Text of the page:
Fig. 2

DcR3 restored the pre-synapse marker expression in APP mice. a Representative immunofluorescence synaptophysin images in the hippocampus. MF: mossy fiber; DG: dentate gyrus. Scale bar: 100 μm. b Quantification of synaptophysin intensity in CA3-mossy fibers, CA1, and the DG regions. N = 7-14 slices from at least 3 mice per genotype. c Representative Western blot imaging of PSD95 among four genotypes of mice and d averaged intensity of PSD95. N = 5 mice per genotype. *P ≤ 0.05, **P ≤ 0.01, ***P ≤ 0.001

DcR3 mediates neuronal protection via microglia

Because microglia are the major players in Aβ-induced neurotoxicity we asked whether microglia are involved in DcR3-mediated neuronal protection. To address this question, primary microglia were pre-incubated with recombinant DcR3 or control medium for 8 h, followed by exposing to oligomeric or fibrillar Aβ (oAβ or fAβ) for 72 h (DcR3 pre-treatment condition). These Aβ/DcR3-stimulated conditioned media (CM) were harvested and incubated with primary neuronal cells for 72 h (Fig. 3a). The survival rate of the neuronal cells was determined by MTT assay (Fig. 3b & c) and PI staining (Additional file 5: Figure S3a & S3b). Compare with the Aβ-CM, the survival rate was significantly increased in the Aβ/DcR3-CM-treated neurons. To further observe neurotic dystrophy in these CM-treated neurons, the anti-MAP2 antibody was used to detect the morphology of neurons. More dystrophic neurites and swelling structure (arrow) were observed in the Aβ-CM than Aβ/DcR3-CM treated neurons (Additional file 5: Figure S3c), suggesting DcR3 modulated-CM prevented the loss of synaptic process in response to Aβ-induced stress.
Fig. 3

DcR3 suppressed Aβ-induced neurotoxicity in primary neuronal cultures. a Schematic of in vitro Aβ and DcR3 treatment conditions. Microglia were stimulated with b, d, e oligomeric and c, f fibrillar Aβ for 72 h with the addition of DcR3 at different time points, and their conditioned media (CM) were collected for treating onto primary neurons. The survival rates of primary neurons after 72 h incubating with different CM were determined by MTT assay. b-c The survival rate of primary neuron treated with CM from microglia exposing to DcR3 at 8 h before stimulating with Aβ. d The survival rate of primary neuron treated with CM from microglia exposing to DcR3 at 0, 24 and 48 h after stimulating with Aβ. e, f The survival rate of primary neuron treated with Aβ-CM in addition with DcR3. N ≥ 3 independent experiments. *P ≤ 0.05, **P ≤ 0.01, ***P ≤ 0.001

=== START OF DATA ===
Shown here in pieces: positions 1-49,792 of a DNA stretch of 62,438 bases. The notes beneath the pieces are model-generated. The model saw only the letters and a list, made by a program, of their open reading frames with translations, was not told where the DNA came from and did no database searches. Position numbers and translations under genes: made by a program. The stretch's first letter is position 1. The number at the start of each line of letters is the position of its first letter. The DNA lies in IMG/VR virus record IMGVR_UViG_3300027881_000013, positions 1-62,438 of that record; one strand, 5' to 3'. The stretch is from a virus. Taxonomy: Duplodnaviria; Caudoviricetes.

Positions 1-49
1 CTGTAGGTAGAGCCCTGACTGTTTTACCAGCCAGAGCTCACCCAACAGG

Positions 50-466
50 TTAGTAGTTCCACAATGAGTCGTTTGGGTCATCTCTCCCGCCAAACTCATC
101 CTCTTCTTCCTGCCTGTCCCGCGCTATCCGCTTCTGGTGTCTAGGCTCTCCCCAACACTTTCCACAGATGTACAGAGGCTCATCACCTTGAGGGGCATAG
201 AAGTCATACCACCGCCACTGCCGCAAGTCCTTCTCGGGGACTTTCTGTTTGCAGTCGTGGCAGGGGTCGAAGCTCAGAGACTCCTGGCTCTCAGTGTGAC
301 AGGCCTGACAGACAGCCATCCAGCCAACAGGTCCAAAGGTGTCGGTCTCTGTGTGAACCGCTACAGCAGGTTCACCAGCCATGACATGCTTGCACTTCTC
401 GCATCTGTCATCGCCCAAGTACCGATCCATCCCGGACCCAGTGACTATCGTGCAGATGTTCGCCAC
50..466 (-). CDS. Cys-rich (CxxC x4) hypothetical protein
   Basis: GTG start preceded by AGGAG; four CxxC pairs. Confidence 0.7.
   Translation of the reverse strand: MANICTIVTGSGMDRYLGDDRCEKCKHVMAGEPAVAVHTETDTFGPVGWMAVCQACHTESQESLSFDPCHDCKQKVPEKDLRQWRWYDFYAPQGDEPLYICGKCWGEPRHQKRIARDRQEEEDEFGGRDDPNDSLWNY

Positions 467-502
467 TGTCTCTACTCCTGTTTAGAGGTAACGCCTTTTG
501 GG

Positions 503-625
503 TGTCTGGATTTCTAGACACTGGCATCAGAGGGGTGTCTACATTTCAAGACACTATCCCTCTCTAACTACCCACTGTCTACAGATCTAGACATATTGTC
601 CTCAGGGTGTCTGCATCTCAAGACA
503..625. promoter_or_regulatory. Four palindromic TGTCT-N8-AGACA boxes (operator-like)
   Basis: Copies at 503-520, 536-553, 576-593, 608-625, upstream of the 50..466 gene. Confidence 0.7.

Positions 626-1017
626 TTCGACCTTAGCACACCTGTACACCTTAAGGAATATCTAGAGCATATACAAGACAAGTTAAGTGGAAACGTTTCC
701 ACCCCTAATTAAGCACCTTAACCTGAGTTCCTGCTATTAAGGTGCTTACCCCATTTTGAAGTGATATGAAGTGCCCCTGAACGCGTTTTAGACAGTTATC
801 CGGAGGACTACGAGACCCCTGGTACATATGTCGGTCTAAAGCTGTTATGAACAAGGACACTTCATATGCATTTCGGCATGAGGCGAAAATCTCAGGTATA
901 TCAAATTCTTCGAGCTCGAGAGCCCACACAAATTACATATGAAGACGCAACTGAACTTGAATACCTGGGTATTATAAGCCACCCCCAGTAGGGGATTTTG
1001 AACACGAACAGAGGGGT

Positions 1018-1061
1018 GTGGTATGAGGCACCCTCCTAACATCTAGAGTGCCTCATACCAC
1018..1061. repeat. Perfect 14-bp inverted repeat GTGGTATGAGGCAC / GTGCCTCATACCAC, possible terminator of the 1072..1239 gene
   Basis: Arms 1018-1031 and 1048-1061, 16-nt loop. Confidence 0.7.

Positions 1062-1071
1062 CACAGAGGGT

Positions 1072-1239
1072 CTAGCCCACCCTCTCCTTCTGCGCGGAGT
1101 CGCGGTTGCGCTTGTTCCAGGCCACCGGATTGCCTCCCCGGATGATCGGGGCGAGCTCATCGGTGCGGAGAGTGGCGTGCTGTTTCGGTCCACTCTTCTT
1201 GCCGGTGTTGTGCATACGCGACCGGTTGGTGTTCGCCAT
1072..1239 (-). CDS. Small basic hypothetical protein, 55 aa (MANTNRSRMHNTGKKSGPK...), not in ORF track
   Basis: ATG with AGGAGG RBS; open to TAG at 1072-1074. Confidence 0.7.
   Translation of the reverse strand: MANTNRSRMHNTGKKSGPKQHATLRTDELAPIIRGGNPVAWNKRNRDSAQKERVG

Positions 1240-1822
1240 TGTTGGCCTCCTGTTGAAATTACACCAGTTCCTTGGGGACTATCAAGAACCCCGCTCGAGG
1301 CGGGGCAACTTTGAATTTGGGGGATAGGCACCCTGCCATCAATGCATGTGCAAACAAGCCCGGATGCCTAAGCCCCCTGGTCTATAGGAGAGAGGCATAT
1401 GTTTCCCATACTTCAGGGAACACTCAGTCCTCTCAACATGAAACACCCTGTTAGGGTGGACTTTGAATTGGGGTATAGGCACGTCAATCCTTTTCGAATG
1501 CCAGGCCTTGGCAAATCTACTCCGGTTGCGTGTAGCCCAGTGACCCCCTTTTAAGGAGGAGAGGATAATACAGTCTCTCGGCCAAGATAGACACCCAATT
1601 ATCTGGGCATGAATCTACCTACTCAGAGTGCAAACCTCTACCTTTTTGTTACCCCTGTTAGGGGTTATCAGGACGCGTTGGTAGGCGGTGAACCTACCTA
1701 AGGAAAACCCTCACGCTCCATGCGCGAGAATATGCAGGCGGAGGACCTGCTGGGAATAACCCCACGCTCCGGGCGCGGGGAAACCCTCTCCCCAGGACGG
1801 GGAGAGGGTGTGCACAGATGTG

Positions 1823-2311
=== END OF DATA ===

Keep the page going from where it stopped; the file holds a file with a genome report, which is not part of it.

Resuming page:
We further examined the protective effect of DcR3 by incubating neurons with DcR3-CM simultaneously or after exposure to Aβ respectively (Fig. 3a, DcR3 co- and post-treatment). Compared with the Aβ-CM, the survival rate was significantly increased in neurons co-treated, but not post-treated, with DcR3-CM (Fig. 3d). These results suggested that DcR3-CM-mediated protection is via preventing but not reversing Aβ-induced neurotoxic effect (Fig. 3b-d & Additional file 5: Figure S3a & S3b). To further distinguish whether the neuroprotective effect of DcR3 was contributed from microglia or neuron, primary neurons were incubated with Aβ-CM and recombinant DcR3 for 72 h (Fig. 3a, neuronal treatment). Under this condition, DcR3 failed to protect primary neuron against Aβ-induced neurotoxicity (Fig. 3e & f). These observations suggest that the DcR3-mediated neuronal protection is via modulating microglia activation, rather than promoting neuronal resistance to Aβ-CM.

To examine the quality of oAβ and fAβ structures western blot was applied to examine the aggregation states of Aβ before, after microglial treatment, and after neuronal treatment. The oligomeric (10-72 kDa) and fibrillar (in the stacking gel) structures remain the major species in oAβ and fAβ group respectively (Additional file 6: Figure S4a-c). To further confirm the importance of DcR3 in neuroprotection, DcR3 in the SAS medium were removed by the anti-DcR3 conjugated protein G beads before treating onto microglia (Additional file 6: Figure S4d). While we treated the neuron with the DcR3-depleted CM, the neuronal survival rate was not returned to normal, which indicated a critical role of DcR3 on modulating innate-related cytokine-induced cytotoxicity (Additional file 6: Figure S4e).

DcR3 reduces amyloid plaque deposition and enhances of Aβ uptake